MICHAEL L. DOUGHERTY, PHD [continued]: on ecosystems, and also on soil fertilityand agricultural productivity.And so mine operators tend to tryto neutralize these effects by covering these rocks with clayto prevent acid rock drainage, but this doesn't alwayswork entirely.And so acid rock drainage can pose a problem

    • 09:60

      MICHAEL L. DOUGHERTY, PHD [continued]: in certain borough communities.The third and final environmental problemrelated to mining has to do with tailings.[tailings]Tailings are the toxic byproduct of the mining productionprocess.Many metallic ores are leached with toxic chemicalsto recover the target metal.

    • 10:20

      MICHAEL L. DOUGHERTY, PHD [continued]: For example, in the case of gold and silver production,cyanide is often used to leech the metal.The byproduct of this process, known as tailings,is mix often of waste ore and these toxic leaching chemicals,which is then stored in a liquid form in what's

    • 10:41

      MICHAEL L. DOUGHERTY, PHD [continued]: called a tailings impoundment, or a tailings pond,or a tailings dam.And these are highly engineered containment systems,and they're designed not to rupture and notto leak, and most of the time, of course,they don't, but they do fail.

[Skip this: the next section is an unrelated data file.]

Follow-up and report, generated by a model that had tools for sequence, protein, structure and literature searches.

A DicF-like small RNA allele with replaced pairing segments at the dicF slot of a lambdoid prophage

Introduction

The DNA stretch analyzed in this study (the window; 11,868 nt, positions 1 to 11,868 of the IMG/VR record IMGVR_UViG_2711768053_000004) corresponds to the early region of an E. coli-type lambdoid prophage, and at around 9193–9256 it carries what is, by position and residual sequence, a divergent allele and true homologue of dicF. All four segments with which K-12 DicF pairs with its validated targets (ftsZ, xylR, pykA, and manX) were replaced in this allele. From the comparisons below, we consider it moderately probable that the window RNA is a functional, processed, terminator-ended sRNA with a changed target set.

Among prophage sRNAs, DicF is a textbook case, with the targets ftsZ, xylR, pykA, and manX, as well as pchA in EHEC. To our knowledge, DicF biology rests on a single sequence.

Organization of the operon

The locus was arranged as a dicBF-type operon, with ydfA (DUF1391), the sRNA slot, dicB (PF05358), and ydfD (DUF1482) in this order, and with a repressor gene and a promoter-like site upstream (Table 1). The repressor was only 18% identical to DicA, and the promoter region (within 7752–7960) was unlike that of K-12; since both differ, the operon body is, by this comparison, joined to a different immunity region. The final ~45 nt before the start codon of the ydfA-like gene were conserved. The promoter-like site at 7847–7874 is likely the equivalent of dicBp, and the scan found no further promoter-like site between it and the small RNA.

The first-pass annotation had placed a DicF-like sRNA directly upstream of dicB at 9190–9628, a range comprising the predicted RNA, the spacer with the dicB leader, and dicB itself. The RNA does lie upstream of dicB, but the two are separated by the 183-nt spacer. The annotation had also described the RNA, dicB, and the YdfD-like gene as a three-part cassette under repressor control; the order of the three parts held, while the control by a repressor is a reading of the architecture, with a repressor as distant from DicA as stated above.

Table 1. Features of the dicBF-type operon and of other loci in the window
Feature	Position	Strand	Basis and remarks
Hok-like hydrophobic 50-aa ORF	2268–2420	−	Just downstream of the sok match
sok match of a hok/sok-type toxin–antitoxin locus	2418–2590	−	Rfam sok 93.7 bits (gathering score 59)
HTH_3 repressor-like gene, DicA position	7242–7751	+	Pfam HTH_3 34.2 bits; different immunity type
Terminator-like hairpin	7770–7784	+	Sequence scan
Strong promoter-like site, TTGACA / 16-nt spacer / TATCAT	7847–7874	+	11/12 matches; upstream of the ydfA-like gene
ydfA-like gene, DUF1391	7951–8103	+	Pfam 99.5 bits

• 11:01

      MICHAEL L. DOUGHERTY, PHD [continued]: Tailings impoundments do fail.They have failed many times over the past century,and when they fail, they release massive amounts of toxinsinto the environment, into water systems, and into the soil.There have been hundreds of tailings dam failures

    • 11:22

      MICHAEL L. DOUGHERTY, PHD [continued]: around the world over the past 100 years,and worryingly tailings dam failuresappear to be increasing in frequency in recent decades.By one recent count, there have been 33 major tailings damfailures around the world since 1990.

    • 11:44

      MICHAEL L. DOUGHERTY, PHD [continued]: This photograph is a photograph that Itook of the tailings impoundment at the Marlin Minein Guatemala.So that's a relatively small mine,and this gives you some sense of the massive sizeof a tailings impoundment at evenwhat is a relatively small commercial mine.